• jdx19

      Makes me wonder… does or doesn’t he have turf toe? (I’ll be honest, I don’t even know what turf toe is).

      If he has it, what I’ve read suggests rest is the option. What is misdiagnosed and he’s completely fine?

      Confusing.

  10. Doug Gray

    April: 1 walk, 25 strikeouts.
    May: 13 walks, 11 strikeouts.

    He took the Joey Votto approach and, shocker, it actually works.

    Not all hitters can take that approach, you’ve got to be able to read the spin on the ball quick enough to not swing at bad pitches, but those that can do those things quickly enough…. stop swinging at non-strikes. This is just another example of how that approach works.

    • Shchi Cossack

      Doug, I’m with you (for whatever that’s worth!) regarding the change in Byrd’s approach. While his footwork is the same he is keeping his weight and hands back, enabling him to read the pitch before commiting, then using the push off his rear leg to drive through the ball.

      The Old Cossack attributed Byrd’s early approach with his diminished bat speed and the necessity to start his swing early in order to get the bat through the zone. His approach now looks very Vottoesque. I like Price’s decision to move Byrd down in the lineup from the #2 hole where his big bat will be more effective. I just wish Price would resolve himself to move Hamilton’s speed and lack of OBP out of the leadoff position.

    • Kevin Michell

      Yup, that would be the other half of it, much like Nick C. pointed out above with the O-Swing rate. He’s definitely seeing the ball better.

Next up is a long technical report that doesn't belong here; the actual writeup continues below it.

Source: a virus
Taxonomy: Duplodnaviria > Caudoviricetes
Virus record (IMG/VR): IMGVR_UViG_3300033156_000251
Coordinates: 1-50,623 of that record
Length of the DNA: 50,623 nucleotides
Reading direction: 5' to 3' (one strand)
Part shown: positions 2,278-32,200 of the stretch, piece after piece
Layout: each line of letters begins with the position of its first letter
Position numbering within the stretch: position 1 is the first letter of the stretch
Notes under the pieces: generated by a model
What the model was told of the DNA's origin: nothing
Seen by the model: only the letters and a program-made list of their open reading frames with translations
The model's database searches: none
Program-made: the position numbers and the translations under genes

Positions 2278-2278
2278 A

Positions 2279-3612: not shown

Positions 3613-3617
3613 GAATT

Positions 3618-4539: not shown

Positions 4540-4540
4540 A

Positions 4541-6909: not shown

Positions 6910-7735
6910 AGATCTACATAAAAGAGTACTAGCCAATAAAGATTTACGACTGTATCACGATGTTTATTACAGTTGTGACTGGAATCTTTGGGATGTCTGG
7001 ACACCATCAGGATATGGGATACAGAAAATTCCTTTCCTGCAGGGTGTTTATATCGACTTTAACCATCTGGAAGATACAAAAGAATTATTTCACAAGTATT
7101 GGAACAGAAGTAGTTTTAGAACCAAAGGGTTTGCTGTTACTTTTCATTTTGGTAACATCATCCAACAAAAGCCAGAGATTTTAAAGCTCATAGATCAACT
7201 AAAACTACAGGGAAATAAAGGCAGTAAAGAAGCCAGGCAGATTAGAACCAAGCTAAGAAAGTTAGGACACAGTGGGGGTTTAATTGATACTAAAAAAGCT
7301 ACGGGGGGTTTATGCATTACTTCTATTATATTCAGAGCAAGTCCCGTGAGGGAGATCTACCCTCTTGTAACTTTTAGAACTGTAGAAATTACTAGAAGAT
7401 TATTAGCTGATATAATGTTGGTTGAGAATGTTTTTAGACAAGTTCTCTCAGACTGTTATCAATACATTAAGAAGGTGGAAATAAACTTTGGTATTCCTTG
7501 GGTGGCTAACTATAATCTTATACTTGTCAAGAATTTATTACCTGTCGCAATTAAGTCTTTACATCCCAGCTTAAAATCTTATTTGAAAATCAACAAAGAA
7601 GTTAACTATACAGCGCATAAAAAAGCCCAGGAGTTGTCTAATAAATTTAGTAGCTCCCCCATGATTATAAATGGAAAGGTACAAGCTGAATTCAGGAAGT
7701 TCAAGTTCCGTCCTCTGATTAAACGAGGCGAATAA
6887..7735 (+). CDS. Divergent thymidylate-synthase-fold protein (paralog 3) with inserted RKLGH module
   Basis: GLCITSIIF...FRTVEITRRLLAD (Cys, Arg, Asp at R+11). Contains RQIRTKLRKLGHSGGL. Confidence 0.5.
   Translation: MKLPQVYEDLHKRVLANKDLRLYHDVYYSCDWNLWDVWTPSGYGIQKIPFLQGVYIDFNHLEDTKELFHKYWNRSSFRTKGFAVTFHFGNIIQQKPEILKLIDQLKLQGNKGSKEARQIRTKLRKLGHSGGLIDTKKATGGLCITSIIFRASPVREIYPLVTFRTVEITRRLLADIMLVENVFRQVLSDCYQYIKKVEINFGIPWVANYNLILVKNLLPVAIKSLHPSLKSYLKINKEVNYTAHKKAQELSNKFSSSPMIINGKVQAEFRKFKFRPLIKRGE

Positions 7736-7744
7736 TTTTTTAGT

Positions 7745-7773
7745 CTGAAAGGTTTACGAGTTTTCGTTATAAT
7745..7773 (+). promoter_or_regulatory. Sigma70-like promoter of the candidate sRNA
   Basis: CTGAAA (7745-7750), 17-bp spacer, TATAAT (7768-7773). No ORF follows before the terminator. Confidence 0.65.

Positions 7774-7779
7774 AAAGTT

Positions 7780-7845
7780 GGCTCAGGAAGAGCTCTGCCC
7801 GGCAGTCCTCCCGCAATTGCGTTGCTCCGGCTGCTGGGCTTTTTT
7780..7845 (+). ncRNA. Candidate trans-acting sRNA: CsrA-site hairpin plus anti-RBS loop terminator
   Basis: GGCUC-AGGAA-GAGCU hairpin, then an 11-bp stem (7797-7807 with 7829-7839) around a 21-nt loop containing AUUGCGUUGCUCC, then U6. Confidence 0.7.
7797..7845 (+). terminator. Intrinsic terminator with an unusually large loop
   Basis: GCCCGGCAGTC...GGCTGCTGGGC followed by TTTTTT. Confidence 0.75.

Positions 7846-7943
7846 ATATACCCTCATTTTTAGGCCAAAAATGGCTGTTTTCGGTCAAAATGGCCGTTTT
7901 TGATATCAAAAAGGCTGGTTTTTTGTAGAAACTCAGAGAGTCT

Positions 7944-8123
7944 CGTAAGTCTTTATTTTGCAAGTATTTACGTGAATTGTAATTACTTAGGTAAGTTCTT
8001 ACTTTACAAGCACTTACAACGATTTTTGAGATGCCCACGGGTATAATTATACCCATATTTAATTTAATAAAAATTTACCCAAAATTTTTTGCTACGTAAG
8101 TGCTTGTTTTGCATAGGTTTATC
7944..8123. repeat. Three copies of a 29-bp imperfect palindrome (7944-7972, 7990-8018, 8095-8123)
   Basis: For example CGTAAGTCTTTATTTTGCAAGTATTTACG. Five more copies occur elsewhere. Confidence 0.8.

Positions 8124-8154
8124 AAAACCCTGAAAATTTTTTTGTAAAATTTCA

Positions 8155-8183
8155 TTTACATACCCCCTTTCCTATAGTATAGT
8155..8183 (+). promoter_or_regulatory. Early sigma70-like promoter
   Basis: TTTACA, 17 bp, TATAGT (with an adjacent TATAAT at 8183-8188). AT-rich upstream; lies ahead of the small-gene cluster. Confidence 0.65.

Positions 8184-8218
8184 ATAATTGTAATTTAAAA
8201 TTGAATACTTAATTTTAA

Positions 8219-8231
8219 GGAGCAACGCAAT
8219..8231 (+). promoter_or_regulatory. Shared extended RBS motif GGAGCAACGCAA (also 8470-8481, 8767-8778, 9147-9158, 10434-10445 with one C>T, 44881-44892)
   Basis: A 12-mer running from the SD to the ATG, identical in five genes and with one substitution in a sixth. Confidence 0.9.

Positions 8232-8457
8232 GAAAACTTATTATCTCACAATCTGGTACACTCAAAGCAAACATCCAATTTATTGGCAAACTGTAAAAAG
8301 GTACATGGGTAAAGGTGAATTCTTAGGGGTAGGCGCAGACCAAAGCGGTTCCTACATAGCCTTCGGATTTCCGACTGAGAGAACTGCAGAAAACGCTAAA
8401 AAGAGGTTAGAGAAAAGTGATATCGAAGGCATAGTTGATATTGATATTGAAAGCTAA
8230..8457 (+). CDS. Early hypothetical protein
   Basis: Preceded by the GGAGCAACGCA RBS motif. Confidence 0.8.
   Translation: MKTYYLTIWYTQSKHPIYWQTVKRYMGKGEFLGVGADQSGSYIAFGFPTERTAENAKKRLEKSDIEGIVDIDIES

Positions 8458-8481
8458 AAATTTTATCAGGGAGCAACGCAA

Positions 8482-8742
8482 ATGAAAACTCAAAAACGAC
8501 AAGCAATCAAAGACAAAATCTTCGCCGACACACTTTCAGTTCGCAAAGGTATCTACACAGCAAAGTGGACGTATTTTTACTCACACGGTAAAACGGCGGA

11. WVRedlegs

    Don’t look now. Jon Moscot is 5-0 in 5 G’s at Louisville. A 2.35 ERA and 3.69 FIP. Lets see where he is at come about June 10, and it might be time for a discussion for him to replace Marquis.

    • IndyRedMan

      I’d bet money Marquis couldn’t get down to 2.35 in A ball

      • old-school

        No one would take that bet. maybe the GCL.

  12. charlottencredsfan

    Watching the video again: in the first example, he leaves the batter’s box almost as he finish’s his swing. In the second he takes a full-cut. Watch his front shoulder at the end of his swing. This may not help bat speed but I would think it would generate more power. Again, this could be due to pitch locations.

    • WVRedlegs

      I saw that too. Against Cole it was what looked like a change up. Byrd made contact just as the bottom was dropping out of it and pounded it in to the ground. The second pitch stayed mostly on and even plane and stayed up about mid-thigh. He busted that one.

      • charlottencredsfan

        Looks like if he would have driven the pitch by Cole right back thru the box, he may have been better off. It is so easy from my office chair. I could have been the greatest!!☺ No question though, watching video is invaluable.

  13. Steve Schoenbaechler

    Yep, just looking at Byrd’s splits, you can tell he doesn’t start very well.